Willis Hall:
Born On The: 6th April 1929.
Died On The: 7th March 2005.
Occupation(s): Playwright, radio and television writer.
Zodiac: Born under the Star Sign AriesAriesWhat Star Sign are You?
Achievement(s): Billy Liar & The Long and the Short and the Tall.


His best-known work was Billy Liar (1960), co-written with lifelong friend and collaborator Keith Waterhouse and based on the latter's novel; his rise to prominence originated from his play about British soldiers in the Malayan jungle, The Long and the Short and the Tall (1959).

He wrote more than a dozen children's books, including a series about a family called the Hollins who meet a vegetarian vampire called Count Alucard; he also wrote a book, Henry Hollins and the Dinosaur; his membership in the Magic Circle was a source of inspiration for these books.

He also wrote 40 radio and television plays, as well as contributing to many TV series, including The Return of the Antelope and Minder.

He wrote a musical about the scarecrow Worzel Gummidge and others based on the books Treasure Island and The Wind in the Willows; he also wrote Peter Pan: A Musical Adventure (2000).

Willis was married three times, first to the actress Jill Bennett, then to Dorothy Kingsmill and finally to actress and author Valerie Shute, who survived him, when he died at 75, in Ilkley, West Yorkshire.

Hall, a Hunslet boy from that vanished townscape of back-to-backs with outside lavatories, contributed to local magazines and papers, paying 3d an inch for such glamorous prose as lists of funeral mourners, but his writing began in earnest when he joined the Army in the Far East, where he found escape from the routine of rooting out Communism in writing fairy stories for Chinese children on local radio and he also began work on a play with an army background set in Malaya.

On his return to the UK in 1957 it was produced, under the title Disciplines of War, at the Edinburgh Festival by an amateur group, leading to a professional mounting at Nottingham Playhouse under the scarcely more alluring title Boys, It's All Hell; the play struck a chord with the young English Stage Company at the Royal Court in London, where its director Lindsay Anderson briskly changed the title to The Long and the Short and the Tall (1959).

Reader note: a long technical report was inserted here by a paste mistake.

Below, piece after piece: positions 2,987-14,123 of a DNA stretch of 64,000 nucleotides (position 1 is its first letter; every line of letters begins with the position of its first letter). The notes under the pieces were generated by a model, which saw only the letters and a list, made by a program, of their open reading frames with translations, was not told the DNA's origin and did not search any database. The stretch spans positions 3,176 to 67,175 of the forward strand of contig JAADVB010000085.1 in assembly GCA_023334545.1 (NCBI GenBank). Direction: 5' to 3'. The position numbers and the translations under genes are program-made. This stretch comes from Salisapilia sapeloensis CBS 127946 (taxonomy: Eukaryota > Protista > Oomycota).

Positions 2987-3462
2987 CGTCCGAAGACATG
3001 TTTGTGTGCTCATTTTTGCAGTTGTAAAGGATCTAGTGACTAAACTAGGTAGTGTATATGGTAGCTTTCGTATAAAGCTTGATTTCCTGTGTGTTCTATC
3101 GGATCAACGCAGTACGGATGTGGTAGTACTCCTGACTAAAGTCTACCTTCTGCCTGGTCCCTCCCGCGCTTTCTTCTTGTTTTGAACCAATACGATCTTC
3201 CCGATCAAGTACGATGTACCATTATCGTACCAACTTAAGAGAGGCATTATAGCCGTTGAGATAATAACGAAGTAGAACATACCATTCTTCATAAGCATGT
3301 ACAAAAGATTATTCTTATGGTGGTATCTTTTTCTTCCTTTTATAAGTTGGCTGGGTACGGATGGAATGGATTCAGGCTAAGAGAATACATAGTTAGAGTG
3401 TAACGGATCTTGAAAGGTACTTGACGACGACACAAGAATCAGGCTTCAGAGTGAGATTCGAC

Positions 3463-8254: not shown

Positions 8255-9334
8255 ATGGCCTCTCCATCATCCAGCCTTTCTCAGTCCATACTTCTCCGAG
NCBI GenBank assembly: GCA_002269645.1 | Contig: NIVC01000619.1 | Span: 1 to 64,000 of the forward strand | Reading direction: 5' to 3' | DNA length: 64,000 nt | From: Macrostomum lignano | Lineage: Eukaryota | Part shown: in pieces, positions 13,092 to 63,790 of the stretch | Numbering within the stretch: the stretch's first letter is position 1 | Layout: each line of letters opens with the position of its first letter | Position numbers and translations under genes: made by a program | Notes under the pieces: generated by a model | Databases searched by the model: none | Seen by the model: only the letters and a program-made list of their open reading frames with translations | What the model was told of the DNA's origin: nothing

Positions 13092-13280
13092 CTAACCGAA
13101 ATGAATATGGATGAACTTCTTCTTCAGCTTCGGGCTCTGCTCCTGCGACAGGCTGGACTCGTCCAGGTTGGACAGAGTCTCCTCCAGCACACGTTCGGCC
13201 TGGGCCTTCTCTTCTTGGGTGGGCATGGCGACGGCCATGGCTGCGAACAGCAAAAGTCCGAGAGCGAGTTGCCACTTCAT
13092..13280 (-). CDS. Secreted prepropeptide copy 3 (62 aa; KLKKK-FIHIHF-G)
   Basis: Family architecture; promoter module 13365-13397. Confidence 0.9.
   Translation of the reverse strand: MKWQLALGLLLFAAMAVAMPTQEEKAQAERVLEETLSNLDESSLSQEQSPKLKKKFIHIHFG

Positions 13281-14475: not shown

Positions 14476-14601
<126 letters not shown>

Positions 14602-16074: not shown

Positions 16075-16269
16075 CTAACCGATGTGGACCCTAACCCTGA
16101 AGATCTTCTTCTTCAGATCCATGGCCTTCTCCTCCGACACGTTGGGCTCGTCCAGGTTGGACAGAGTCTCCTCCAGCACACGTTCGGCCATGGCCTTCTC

His Billy Liar (Cambridge, 1960) with Albert Finney as the engaging young "hero" with one foot in his drab northern life and the other in the fantasy world of his mythical kingdom of Ambrosia was another long-running hit; with the age of austerity still lingering, audiences could readily plug into the play's strong atmosphere of constriction.

The play was his biggest success, later spiralling off into television series in the UK and America and a Drury Lane musical, Billy (1975), starring Michael Crawford; filming could exploit the reality/fantasy alternation even better than the stage and the performance from Tom Courtenay was spot-on; the cast also included the wonderful Ethel Griffies as Billy's dour gran and striding down a bleak northern street like a blonde Venus, Julie Christie making one of the great iconic entrances of 1960s cinema as Billy's girlfriend.

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